In his video interview, Kershisnik expounds this idea of being in process, of practicing, when he says, “Just like when we are watching an infant learn to walk and we are so excited even when they fall down, that God is so excited at our silly failed attempts at trying to be better and trying to do well. He is as delighted with our mistakes as we are with the falling infant. I feel more of a connection to God who is helping me become something, rather than waiting for me to become something splendid before he has any time for me.”
I organized the exhibition around the work of three artists—Lee Udall Bennion, Brian Kershisnik, and Kathleen Peterson. I selected them because they consistently depict women as ennobled while simultaneously celebrating the importance of their everyday lives, lives that in the ceremony of the everyday perform their covenants and their religion in important and symbolic ways. These women are not painted as ideal or placed on a pedestal–an important and significant distinction for me, as a curator, to make. Rather, they are authentic, noble, everyday daughters of God, who are, as Kathy Peterson explains, “seed of Deity…absolutely of divine nature.”
Again, from the interpretative panel:
To practice charity is to “remember the worth of souls is great in the eyes of God,” the Savior declared (D&C 18:10). Every day, in countless ways, women express their understanding of this divine truth. The life of each righteous woman can be thought of as a gesture of good works and acts of service—given every day in often unnoticed ways. In comforting a child, in bringing a meal to a friend, women are in very real ways enacting the covenants they made at baptism when they promised to “bear one another’s burdens, that they may be light” and “to mourn with those that mourn; yea, and comfort those that stand in need of comfort” (Mosiah 18:8–9).
Thus, perhaps these daily gestures can be thought in ritualistic terms or at the very least as clear manifestations of what it means to practice one’s religion. For this, I turn to two more paintings as an example. First, Lee Udall Bennion’s Daily Bread, which is a self-portrait of her and a tribute to the bread she makes and the family she feeds. Yet, her bread is no ordinary loaf. Rather, it is levitating, floating in the air, just outside the reach of her elongated fingers. For Bennion, bread making is not just a domestic task. Instead, it is rooted in deep feelings about a family gathering around a table and the often sacred and symbolic gesture of eating food with one another and the symbolism that comes in particular with nurturing those we love with bread in particular. It is then sacramental (at least as a metaphor) as her painting makes reference to the rite of religion while being framed within the tasks of daily life.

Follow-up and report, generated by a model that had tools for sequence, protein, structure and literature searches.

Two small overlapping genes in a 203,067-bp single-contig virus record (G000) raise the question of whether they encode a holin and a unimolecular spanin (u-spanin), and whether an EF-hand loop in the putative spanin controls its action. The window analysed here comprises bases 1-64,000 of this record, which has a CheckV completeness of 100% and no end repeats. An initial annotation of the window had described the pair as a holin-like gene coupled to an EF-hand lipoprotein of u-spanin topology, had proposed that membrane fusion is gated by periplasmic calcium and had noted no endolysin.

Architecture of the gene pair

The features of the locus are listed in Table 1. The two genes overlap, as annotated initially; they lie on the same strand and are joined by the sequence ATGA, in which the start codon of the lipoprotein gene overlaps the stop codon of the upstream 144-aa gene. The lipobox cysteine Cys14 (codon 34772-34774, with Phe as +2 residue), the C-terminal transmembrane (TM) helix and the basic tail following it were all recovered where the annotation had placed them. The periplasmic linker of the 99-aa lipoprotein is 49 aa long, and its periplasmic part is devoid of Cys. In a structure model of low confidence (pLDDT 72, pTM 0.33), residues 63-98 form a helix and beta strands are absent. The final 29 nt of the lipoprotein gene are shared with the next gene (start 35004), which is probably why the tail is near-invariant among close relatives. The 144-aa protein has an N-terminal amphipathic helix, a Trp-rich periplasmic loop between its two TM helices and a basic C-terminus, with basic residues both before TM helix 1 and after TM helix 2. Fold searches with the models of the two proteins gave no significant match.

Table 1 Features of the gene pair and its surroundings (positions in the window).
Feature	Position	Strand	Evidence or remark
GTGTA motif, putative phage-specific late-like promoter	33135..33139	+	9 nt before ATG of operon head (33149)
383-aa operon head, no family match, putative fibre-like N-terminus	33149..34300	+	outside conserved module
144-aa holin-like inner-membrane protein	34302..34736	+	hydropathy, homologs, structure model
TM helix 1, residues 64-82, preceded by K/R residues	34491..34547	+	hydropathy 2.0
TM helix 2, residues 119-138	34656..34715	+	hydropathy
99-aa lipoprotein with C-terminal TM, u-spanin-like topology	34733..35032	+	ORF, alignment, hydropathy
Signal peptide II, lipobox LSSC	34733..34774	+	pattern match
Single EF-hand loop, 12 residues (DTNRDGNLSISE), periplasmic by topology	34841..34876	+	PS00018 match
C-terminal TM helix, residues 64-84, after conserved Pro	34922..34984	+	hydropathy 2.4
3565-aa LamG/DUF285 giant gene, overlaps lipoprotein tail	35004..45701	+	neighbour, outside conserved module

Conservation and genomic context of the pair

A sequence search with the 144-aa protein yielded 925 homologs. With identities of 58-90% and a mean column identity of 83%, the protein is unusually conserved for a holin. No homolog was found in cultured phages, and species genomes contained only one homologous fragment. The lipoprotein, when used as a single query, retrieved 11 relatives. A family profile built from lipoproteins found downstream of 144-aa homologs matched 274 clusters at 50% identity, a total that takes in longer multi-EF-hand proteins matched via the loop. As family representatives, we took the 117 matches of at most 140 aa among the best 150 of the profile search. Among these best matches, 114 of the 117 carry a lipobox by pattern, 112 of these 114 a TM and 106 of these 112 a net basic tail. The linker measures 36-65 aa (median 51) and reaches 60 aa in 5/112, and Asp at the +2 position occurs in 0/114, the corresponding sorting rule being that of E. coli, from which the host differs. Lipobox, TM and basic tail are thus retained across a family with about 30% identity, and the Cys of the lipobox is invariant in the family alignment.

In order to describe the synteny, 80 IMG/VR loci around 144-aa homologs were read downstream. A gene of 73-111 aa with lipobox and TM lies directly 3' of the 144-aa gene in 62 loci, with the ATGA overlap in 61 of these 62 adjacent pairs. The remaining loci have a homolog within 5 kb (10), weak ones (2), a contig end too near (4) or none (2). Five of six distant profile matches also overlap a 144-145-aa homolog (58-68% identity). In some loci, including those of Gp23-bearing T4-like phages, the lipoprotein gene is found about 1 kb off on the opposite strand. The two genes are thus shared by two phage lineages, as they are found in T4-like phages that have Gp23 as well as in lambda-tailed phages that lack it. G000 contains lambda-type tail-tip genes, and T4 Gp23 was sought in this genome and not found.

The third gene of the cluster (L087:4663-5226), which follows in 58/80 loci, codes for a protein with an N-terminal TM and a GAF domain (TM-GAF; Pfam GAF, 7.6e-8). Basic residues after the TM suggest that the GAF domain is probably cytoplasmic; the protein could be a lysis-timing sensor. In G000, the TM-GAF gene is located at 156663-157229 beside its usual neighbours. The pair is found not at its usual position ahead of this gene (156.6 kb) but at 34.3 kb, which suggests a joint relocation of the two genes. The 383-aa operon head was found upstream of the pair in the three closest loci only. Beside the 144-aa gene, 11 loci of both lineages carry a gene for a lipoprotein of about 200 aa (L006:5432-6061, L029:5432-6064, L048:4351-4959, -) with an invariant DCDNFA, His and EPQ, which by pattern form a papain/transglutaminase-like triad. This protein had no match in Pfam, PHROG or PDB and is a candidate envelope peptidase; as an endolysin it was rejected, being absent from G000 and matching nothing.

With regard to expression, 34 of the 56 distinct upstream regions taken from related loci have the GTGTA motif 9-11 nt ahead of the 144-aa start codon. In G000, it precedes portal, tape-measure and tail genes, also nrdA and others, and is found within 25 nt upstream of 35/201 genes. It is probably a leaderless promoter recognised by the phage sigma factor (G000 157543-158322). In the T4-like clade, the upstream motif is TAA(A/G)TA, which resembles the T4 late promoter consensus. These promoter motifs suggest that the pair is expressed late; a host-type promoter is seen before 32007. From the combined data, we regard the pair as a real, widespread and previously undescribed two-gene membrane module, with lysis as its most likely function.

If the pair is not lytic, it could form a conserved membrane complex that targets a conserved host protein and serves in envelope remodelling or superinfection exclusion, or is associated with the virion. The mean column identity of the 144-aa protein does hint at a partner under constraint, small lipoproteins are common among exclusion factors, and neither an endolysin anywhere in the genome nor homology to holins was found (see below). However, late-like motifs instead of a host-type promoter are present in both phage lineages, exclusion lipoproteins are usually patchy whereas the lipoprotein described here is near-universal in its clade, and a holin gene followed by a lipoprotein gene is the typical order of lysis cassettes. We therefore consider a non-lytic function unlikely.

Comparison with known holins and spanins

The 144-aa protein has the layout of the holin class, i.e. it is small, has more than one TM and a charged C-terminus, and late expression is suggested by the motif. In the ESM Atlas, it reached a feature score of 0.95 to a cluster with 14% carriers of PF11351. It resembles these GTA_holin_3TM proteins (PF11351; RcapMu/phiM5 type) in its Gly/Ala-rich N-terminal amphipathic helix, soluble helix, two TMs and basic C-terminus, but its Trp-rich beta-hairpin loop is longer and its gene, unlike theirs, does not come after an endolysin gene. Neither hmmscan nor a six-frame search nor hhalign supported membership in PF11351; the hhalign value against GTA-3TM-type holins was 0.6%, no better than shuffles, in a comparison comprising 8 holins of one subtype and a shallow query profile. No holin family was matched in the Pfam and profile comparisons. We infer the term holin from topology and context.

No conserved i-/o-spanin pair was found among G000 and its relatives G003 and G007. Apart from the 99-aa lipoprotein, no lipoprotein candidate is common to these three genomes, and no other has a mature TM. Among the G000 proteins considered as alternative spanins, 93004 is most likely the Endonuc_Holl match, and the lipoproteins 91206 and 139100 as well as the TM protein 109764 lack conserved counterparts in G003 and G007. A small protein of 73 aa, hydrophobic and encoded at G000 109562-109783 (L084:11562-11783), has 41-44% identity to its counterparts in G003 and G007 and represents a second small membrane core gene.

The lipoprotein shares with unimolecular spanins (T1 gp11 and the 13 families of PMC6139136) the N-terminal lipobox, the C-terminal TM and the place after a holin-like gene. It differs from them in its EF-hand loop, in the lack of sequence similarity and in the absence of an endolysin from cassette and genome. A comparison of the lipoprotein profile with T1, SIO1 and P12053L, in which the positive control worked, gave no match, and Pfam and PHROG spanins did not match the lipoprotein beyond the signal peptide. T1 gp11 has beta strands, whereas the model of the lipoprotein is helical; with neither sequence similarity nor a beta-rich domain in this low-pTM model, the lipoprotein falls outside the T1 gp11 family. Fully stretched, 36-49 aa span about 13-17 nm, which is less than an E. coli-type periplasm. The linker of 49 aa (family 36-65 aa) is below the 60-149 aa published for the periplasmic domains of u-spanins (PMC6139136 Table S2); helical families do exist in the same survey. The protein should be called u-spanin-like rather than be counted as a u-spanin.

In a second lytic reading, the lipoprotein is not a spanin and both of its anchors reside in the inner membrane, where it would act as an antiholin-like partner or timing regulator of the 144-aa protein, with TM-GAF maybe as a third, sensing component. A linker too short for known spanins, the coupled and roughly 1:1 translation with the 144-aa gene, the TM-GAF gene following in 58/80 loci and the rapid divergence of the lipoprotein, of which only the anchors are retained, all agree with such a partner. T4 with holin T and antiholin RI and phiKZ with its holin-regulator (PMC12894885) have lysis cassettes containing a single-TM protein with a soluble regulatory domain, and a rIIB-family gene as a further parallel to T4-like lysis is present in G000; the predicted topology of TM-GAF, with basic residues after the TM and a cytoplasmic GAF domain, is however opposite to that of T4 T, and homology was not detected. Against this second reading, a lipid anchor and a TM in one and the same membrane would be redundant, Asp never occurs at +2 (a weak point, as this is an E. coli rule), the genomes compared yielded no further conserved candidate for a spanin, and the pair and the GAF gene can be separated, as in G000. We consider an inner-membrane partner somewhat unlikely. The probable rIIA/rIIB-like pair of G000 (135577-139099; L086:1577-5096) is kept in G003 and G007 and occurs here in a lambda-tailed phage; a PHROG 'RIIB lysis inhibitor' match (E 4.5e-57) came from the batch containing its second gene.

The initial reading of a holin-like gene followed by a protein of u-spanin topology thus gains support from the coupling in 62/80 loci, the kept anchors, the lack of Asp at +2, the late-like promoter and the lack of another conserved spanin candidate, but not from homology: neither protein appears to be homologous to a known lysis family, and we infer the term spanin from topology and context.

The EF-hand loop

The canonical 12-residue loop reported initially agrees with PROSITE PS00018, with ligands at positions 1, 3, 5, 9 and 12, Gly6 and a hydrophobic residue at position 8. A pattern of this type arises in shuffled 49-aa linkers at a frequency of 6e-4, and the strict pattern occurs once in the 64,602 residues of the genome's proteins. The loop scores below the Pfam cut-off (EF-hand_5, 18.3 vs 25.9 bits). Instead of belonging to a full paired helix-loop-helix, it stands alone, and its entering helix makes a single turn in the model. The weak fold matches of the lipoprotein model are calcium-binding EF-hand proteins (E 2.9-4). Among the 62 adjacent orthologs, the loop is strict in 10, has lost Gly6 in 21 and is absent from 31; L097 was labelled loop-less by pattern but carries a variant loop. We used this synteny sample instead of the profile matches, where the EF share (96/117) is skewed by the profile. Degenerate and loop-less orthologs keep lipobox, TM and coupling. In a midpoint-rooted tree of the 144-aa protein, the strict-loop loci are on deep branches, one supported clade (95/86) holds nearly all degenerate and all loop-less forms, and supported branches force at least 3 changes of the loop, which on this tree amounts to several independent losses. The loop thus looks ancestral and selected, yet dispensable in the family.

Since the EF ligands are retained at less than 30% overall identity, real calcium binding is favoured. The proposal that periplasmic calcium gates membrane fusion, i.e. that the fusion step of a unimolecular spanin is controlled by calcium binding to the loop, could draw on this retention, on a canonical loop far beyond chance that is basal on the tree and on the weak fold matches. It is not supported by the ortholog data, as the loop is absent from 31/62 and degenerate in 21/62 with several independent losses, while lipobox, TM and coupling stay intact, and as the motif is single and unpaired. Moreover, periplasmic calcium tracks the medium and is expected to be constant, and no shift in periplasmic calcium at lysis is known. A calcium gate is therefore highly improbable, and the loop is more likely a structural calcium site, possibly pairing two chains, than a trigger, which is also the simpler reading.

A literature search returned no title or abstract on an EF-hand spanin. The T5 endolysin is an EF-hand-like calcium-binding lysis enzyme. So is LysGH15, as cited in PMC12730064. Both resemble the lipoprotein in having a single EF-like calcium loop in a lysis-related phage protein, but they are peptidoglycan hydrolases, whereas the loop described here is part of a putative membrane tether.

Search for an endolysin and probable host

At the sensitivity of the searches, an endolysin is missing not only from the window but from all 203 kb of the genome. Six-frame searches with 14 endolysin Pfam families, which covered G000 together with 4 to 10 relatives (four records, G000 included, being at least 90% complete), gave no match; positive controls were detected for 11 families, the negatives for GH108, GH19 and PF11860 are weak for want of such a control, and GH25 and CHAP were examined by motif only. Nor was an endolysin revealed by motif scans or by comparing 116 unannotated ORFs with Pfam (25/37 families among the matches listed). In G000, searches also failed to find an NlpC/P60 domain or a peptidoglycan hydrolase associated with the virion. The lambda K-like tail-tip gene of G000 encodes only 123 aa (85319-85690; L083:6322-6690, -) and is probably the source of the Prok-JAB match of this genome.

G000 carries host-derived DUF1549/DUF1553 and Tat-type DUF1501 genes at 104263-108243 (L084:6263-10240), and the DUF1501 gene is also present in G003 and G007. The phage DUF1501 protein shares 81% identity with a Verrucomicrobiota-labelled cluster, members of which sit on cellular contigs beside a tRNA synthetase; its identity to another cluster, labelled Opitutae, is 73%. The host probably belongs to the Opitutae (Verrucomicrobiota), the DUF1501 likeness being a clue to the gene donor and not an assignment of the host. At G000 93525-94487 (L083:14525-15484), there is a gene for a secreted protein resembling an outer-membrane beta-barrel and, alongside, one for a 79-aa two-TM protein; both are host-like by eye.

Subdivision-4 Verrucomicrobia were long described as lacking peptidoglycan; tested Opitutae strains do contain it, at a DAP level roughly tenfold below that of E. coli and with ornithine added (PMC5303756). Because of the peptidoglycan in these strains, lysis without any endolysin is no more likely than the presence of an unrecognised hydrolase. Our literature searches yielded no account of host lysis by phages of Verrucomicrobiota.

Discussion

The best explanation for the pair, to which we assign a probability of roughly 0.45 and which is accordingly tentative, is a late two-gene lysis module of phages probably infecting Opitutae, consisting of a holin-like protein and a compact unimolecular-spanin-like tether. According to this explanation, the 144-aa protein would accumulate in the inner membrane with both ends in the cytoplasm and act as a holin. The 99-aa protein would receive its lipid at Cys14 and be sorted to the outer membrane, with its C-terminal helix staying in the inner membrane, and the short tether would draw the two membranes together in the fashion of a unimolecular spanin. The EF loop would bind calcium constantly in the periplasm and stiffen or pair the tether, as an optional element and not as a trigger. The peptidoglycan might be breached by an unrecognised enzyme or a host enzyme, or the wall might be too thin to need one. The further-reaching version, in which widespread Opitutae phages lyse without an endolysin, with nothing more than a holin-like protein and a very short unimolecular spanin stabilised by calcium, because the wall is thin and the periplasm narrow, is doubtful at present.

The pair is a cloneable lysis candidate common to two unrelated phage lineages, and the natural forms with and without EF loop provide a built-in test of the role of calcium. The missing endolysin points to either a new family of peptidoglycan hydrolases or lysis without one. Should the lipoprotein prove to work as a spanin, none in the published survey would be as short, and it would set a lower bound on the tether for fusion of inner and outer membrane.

Another painting that highlights religious practice is Kathy Peterson’s Saplings, a painting of two women, one comforting the other. It is, of course, challenging to create a painting that embodies notions of what performing true charity looks like without being overtly sentimental, but Peterson succeeds in her simplicity of gesture. The hug between two friends captures the quality of service we are commanded to give to one another as we take on our baptismal covenants. As we serve others with love, the line between who is serving and who is being served—the friend in need or the friend who comforts, the mourner or the mourning—is blurred.
During the founding meeting of the Nauvoo Relief Society, Emma Smith declared, “We are going to do something extraordinary.” Extraordinary indeed is a society whose motto is “charity never faileth.” Of course, charity is manifested in many ways, but so often it is shown in simple, everyday acts rather than in grand terms, in “practicing the art of the everyday.” Thus, like so many things we do, it is a practice, a wonderful stubbing, an imperfect yet daily offering of holiness that mirrors the eternal and utopic principles we strive for and commit ourselves to through ritual, when we call ourselves Christians, Mormons, God’s people.